President Obama has been a voice for nuclear disarmament, and his administration has taken steps toward that goal—but the White House's latest move takes the US in the opposite direction, a New York Times editorial observes. Obama is undertaking major improvements to US nuclear weapons and facilities, spending "tens of billions" in the process; at the same time, he has cut spending requests aimed at securing nuclear equipment worldwide at a time when the planet reportedly holds 16,300 nuclear weapons. "This is a shortsighted and disappointing turn," the Times notes.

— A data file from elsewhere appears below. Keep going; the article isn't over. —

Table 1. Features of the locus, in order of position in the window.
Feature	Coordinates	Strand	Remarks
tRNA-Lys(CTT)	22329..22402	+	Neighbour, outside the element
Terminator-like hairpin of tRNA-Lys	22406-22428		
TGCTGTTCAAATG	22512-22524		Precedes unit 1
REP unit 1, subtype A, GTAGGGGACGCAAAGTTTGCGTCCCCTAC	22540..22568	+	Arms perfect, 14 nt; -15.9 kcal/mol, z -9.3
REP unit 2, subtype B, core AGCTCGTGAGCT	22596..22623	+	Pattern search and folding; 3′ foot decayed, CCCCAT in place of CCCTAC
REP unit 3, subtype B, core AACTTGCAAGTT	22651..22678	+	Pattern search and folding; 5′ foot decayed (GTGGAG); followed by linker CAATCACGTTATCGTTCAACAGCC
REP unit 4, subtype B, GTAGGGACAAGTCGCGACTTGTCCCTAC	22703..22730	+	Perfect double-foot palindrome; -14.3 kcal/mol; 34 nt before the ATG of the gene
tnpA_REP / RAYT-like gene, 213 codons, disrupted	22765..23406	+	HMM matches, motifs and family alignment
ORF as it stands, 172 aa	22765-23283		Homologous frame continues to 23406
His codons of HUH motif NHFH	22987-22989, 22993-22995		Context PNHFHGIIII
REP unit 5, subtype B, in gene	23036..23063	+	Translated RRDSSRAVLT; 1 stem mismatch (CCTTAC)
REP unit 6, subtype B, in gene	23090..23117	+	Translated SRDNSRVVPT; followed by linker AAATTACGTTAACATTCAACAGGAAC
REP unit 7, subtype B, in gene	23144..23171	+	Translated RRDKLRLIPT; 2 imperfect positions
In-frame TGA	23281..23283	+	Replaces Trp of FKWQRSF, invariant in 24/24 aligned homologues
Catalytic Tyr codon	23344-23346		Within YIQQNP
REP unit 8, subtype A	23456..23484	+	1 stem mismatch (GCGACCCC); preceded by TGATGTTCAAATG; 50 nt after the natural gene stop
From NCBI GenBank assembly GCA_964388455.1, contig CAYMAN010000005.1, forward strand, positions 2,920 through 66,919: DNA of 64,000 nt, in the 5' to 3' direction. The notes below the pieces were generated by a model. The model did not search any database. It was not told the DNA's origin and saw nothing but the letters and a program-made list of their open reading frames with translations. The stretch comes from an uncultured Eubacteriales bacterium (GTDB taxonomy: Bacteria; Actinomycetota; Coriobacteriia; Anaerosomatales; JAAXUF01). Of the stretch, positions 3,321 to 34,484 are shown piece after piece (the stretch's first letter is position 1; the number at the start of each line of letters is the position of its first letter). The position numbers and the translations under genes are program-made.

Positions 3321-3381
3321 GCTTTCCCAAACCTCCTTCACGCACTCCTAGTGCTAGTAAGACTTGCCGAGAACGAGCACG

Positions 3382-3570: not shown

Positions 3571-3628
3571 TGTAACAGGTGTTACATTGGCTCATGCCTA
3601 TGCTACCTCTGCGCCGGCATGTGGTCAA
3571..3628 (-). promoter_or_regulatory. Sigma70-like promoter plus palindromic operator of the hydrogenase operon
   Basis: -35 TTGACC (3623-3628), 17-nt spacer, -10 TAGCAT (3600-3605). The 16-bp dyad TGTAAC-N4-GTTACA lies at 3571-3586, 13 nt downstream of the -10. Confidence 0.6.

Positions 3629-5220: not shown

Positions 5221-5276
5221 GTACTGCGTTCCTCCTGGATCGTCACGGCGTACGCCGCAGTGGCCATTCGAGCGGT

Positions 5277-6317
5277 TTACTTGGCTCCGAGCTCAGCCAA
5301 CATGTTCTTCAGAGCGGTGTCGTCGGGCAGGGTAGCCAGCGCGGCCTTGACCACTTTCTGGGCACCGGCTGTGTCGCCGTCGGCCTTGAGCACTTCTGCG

In order to garner GOP support for the nuke-reducing New Start treaty with Russia, Obama agreed to add some $14 billion to the $70 billion already devoted to nuclear improvements. The real cost of the improvements, however, could reach some $355 billion, according to the Congressional Budget Office. Other studies put the real cost at $1 trillion over 30 years, in what the Government Accountability Office finds is a "badly managed" modernization effort. "Investing in nuclear security protects Americans more than unwise investment in new nuclear weapons," the Times editors write; it's time for Congress—and the public—to engage with the issue. Click for the full piece. (Read more President Obama stories.)